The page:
This story is full of twists and turns, of strong opinions and piercing arguments, and of leaders of deep conviction on both sides of the controversy trying to find the strategy that would swing their state’s convention into their column. In the end, the practical politicians called Federalists who supported the Constitution’s passage found different strategies in different states to achieve the same end: ratification of the new charter by the requisite nine states and the creation thereby of the United States of America.
One of the most powerful steps the Federalists took was to admit the validity of their opponents’ argument that the Constitution was in need of improvement through amendment, though not before ratification, as the Constitution’s critics argued but after. Amazingly enough, the Federalists then actually amended the Constitution, passing through a Congress they overwhelmingly dominated twelve amendments, ten of which were then approved by the required number of states. It was nearly ninety years later that these amendments came to be called “The Bill of Rights.”
Professor Maier has dug deep into the original documents, mining letters, convention journals, and newspapers for a rich and rewarding read. Not an easy book, but a great one.
Facing an economy in decline, a bleak job market and a runaway deficit that threatens their future, the 2012 election is more consequential for young voters than ever before. Mr. La Mastra's guide is a great tool to help these young adults educate themselves on the issues, mobilize, and get involved. I read an advance copy but it's available for pre-order now. Release date is March 15.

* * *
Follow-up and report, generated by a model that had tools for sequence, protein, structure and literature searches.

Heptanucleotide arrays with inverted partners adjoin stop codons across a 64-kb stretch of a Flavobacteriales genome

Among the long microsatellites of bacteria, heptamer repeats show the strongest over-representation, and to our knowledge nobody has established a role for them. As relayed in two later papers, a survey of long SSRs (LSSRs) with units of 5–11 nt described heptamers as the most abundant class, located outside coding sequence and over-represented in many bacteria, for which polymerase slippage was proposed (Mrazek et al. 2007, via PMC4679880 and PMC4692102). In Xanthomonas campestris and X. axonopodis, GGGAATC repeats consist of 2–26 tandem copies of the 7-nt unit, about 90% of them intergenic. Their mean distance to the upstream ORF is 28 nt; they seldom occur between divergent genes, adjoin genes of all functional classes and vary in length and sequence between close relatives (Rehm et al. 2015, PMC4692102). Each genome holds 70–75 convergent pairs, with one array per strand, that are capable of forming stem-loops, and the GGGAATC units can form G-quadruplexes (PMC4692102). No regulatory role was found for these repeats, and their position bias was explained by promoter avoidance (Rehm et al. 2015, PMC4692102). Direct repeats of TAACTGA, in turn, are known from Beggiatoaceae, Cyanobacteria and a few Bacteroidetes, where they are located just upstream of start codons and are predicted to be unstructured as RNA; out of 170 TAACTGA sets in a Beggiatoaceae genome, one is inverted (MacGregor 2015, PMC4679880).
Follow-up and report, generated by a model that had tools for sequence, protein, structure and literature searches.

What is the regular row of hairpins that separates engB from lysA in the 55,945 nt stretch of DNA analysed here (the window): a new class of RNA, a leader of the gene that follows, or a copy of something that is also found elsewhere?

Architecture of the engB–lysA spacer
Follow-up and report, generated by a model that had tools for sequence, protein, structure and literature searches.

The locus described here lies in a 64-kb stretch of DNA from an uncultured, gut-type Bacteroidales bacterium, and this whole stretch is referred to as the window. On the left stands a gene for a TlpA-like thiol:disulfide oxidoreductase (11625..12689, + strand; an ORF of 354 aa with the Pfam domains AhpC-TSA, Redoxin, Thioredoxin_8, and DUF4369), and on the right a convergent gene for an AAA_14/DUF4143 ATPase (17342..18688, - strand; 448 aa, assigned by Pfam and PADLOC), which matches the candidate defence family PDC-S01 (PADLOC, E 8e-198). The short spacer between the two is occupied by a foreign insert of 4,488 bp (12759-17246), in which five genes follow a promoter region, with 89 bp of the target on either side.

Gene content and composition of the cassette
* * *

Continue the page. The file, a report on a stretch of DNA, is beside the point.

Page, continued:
I met Professor Barry Strauss during a visit to Cornell University. I'd earlier picked up his THE BATTLE OF SALAMIS and enjoyed it, as I also enjoyed meeting this renowned professor of history and the classics.
Now he’s written a riveting, fast-paced, penetrating volume around three powerful war leaders – Alexander the Great, Hannibal and Caesar, men who still stand astride our imaginations centuries after they lived, led, fought, and ruled.
While other classicists draw on ancient philosophers for lessons on the life well lived, Strauss looks to men of action and determination for lessons on leadership and strategy.
Strauss traces ten attributes of success he sees in the lives of these warriors and examines how these qualities affected their decisions and actions, their success and their failure.
Unlike many academics, Strauss is a fine writer, with a strong, punchy style and a great sense of pacing. This makes MASTERS OF COMMAND a great read, packed with terrific insights, and one of those books you just can’t put down.
I read an advance copy: it’s to be published in May 2012. Pre-order it.
While working away on a more serious book, I ran across this in an airport newsstand. Having read Khoury’s previous novels, I knew I’d have to spend the weekend neglecting serious history for silly adventure with FBI Agent Sean Reilly, his nearly forgotten love interest, his current flame, a vengeful FBI high official, and a mad Mexican drug lord. Okay, I admit it: not very high-minded, but a fun, quick read. I promise to be better with my next book.